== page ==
Im/migrant rights activists fight CBP ‘transportation checks’

Since the first year of the Trump administration, the U.S. Customs and Border Patrol has questioned and detained bus and train travelers with increasing frequency.

Mercedes Phelan was profiled by the CBP while riding a Greyhound bus in Pennsylvania in April 2018 and again ten months later on an Amtrak train in Syracuse, N.Y. In a June 5 NBC interview, Phelan, who is Black and Puerto Rican, said: “I was super angry because [they were] obviously profiling. They literally skipped over every single white person,” stopping only at people of color to ask: “Are you from here? Do you have papers?” (tinyurl.com/yxjsb3xs)

These searches are conducted all over the U.S. and happen as often as three times a day at some Northern bus stations. In the past few weeks, CBP agents have been at Greyhound bus stations across Miami-Dade and Broward counties in Florida, asking riders for “proof of legal status.” On July 12, immigrant activists posted an alert that Immigration and Customs Enforcement was checking identification at the 1, 2, 3 subway lines at 72nd Street in New York City.

The CBP interprets its authority to stop, question and search “within a reasonable distance from any external boundary of the United States” as permissible within 100 miles of any land or water U.S. border, north or south. This is a massive area that contains more than half the U.S. population and includes all of New England and Florida and most of New York state.

So-called “transportation checks” aren’t new. Immigrant rights groups have struggled against them for years, with the American Civil Liberties Union and activists describing the checks as unlawful racial profiling as far back as 2011.

Activists in Rochester, N.Y., have organized to stop Customs and Border Patrol interrogation and arrest of immigrants at transportation centers. Credit: Rochester Rapid Response Network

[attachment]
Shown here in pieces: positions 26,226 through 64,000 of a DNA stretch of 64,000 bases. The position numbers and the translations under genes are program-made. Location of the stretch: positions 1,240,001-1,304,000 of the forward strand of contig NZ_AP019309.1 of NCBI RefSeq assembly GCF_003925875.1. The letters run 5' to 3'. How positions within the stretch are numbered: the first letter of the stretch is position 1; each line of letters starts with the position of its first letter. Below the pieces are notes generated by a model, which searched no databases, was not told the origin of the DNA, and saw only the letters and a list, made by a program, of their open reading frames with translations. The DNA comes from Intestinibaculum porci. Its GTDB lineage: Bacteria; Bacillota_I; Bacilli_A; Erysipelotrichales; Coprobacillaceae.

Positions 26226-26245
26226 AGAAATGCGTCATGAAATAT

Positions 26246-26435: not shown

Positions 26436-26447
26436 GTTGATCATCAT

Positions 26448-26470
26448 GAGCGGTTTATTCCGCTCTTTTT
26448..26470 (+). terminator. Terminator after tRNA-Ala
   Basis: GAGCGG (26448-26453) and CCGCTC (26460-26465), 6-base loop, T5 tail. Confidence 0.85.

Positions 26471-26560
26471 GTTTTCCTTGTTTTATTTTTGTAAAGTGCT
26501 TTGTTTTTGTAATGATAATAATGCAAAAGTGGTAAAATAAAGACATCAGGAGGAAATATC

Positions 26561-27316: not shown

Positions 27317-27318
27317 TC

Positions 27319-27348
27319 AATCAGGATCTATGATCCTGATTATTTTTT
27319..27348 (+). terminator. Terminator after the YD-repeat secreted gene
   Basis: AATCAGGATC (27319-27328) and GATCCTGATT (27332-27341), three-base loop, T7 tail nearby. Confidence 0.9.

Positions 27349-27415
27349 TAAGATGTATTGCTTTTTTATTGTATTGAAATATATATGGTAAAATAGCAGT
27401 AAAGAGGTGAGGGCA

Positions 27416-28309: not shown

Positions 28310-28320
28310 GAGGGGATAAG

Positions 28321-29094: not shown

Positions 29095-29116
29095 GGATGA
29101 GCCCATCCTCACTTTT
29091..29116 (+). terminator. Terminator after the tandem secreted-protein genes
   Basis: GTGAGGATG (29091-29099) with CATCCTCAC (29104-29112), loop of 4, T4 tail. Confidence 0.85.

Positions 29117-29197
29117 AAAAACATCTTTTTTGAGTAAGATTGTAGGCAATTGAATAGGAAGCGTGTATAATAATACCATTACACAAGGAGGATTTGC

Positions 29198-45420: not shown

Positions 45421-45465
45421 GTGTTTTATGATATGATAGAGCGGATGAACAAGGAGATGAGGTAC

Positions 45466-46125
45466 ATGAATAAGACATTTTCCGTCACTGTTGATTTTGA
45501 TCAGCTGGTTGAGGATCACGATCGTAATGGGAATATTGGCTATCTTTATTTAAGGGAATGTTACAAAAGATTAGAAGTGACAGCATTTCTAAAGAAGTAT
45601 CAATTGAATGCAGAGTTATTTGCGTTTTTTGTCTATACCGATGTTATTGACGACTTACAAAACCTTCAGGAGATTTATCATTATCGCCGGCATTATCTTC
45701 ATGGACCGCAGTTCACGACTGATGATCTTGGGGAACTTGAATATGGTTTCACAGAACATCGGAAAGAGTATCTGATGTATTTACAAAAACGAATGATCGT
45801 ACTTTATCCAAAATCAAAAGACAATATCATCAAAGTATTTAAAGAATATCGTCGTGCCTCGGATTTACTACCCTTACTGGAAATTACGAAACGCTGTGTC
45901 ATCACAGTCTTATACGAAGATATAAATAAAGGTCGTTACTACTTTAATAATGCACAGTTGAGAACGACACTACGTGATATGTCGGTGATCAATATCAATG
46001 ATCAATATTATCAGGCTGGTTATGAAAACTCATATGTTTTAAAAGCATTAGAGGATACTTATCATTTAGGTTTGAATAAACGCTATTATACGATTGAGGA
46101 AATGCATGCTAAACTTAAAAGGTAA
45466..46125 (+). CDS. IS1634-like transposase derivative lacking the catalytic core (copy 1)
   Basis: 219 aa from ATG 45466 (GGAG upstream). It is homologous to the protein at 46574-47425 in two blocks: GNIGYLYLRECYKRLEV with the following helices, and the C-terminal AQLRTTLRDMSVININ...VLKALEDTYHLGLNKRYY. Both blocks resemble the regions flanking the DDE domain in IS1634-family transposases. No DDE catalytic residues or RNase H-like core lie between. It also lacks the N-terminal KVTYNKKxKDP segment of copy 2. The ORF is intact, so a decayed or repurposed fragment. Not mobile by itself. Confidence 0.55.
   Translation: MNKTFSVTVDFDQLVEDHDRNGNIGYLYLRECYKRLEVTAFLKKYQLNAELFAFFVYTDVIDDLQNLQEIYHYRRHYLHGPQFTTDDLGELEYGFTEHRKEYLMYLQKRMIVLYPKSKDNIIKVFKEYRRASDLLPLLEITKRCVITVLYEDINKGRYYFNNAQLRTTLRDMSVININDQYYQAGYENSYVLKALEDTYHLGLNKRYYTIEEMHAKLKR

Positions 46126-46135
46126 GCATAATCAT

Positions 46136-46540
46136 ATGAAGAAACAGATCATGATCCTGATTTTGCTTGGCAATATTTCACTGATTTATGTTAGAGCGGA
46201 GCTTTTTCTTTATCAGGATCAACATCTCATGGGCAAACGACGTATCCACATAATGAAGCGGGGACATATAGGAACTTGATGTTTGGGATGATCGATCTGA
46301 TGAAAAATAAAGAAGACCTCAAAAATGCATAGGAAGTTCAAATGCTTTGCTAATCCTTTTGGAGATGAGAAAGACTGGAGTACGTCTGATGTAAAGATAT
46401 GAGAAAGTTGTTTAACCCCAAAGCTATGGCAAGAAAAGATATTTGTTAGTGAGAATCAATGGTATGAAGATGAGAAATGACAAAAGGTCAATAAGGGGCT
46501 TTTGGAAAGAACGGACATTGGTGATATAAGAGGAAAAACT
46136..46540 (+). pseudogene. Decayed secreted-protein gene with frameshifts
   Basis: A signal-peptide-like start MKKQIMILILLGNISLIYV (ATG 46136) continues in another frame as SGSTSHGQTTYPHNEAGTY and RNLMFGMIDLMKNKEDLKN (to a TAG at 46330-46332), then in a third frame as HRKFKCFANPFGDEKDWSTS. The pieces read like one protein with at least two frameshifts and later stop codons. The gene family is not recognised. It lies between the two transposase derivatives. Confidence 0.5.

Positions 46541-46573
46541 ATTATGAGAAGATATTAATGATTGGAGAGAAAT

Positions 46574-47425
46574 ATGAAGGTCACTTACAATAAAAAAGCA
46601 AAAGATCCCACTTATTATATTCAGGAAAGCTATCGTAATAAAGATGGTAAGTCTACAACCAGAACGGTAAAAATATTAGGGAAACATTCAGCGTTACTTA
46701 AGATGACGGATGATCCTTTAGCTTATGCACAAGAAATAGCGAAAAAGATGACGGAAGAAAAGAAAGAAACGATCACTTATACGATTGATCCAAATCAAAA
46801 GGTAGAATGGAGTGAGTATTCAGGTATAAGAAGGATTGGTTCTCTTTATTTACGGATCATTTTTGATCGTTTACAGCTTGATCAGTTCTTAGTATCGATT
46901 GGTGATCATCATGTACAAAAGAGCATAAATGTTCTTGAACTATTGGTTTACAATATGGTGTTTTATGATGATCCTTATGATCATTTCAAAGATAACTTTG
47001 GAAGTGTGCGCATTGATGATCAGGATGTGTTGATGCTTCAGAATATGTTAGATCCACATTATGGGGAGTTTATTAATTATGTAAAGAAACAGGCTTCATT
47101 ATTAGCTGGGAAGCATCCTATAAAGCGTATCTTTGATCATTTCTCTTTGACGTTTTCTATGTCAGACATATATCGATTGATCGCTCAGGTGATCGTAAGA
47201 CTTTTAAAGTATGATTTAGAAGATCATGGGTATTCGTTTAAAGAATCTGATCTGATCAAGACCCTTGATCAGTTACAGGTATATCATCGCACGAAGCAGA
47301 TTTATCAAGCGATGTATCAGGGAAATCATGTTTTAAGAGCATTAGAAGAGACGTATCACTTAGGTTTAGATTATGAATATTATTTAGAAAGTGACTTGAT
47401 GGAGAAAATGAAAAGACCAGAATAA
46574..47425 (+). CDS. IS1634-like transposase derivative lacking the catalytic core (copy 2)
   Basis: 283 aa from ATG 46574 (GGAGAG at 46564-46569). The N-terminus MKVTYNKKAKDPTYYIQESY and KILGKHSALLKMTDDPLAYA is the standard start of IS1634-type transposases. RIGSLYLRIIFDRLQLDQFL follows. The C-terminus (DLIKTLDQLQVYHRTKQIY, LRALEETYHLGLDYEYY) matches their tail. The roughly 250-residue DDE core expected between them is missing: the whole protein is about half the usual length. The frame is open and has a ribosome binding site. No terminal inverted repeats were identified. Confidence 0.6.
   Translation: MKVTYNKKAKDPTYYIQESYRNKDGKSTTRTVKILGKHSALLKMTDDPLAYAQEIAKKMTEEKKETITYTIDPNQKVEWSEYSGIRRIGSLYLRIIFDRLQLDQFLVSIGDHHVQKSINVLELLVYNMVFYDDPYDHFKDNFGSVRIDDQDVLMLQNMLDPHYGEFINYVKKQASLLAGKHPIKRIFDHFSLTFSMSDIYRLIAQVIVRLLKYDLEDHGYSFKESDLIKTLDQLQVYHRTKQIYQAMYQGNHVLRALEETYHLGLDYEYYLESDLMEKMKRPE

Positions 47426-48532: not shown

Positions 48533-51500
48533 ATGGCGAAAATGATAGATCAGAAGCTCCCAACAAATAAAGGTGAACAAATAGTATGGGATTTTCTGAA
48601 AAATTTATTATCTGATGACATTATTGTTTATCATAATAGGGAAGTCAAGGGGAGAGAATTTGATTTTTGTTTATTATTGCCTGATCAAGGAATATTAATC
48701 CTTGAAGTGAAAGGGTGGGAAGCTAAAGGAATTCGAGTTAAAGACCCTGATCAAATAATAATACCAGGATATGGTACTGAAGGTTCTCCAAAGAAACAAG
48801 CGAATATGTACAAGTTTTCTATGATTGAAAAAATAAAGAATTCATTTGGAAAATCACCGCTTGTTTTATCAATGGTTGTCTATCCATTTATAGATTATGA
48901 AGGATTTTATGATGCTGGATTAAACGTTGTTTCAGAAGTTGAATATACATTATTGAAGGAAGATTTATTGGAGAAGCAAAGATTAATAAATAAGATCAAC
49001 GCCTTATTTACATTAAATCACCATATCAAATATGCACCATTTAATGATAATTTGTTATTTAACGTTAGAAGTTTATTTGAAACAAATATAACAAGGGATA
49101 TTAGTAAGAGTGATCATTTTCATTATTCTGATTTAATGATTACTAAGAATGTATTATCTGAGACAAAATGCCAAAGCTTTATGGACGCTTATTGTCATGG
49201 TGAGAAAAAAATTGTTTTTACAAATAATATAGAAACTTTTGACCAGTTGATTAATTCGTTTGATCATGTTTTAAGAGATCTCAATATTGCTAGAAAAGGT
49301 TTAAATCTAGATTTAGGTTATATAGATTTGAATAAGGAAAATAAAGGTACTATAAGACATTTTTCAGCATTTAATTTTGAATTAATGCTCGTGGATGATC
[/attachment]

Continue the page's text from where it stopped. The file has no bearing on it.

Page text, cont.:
Movement grows to keep CBP/ICE off buses

Immigrant rights activists are fighting back against CBP harassment and arrests on planes, trains and buses. The Syracuse Immigrant and Refugee Defense Network and the Rochester Rapid Response Network regularly post up-to-the-minute Facebook warnings for travelers.

Recent alerts include: “Video taken by our member [RRRN], April 16, at the Amtrak Depew Station. nearest to Buffalo, N.Y. Border Patrol boarded the train and harassed and racially profiled passengers. They detained one passenger. Member ensured passengers knew their rights and told the person being detained they didn’t have to answer questions.” “July 18, Border Patrol present at the Rochester Airport. CBP is checking ID with TSA agents.” “July 31, CBP agents standing at turnstile of Rochester Amtrak station.”

The struggle for access to transportation gained a victory in June when the New York state legislature granted undocumented workers the right to a driver’s license. The Workers’ Center of Central New York in Syracuse was central to this “Green Light NY Driving Together/Luz Verde NY Manejando Juntos” campaign. Routine traffic stops regularly lead to arrests and deportations of Black and Brown immigrant workers.

Bus company behemoth Greyhound says it is “forced to comply” and allow CBP and ICE to board, interrogate and arrest passengers. But the ACLU notes that Greyhound actually has “a Constitutional Fourth Amendment right to deny CBP permission to board and search its buses without probable cause or a warrant.” (tinyurl.com/y2xq8aml)

Now, as state attacks on im/migrants accelerate at a brutal rate, the struggle is ramping up to get Greyhound to stop cooperating with ICE and CBP. New national groups like FIRE (Fight for Im/migrants and Refugees Everywhere) and the International Workers’ Solidarity Network (IWSN) have joined the fight, saying this racist, anti-immigrant profiling must stop. (See separate article.)

Tell Greyhound: ICE and CBP, off the buses! Sign petition at bit.ly/ICEoffBuses.

(Credit: Rochester Rapid Response Network)

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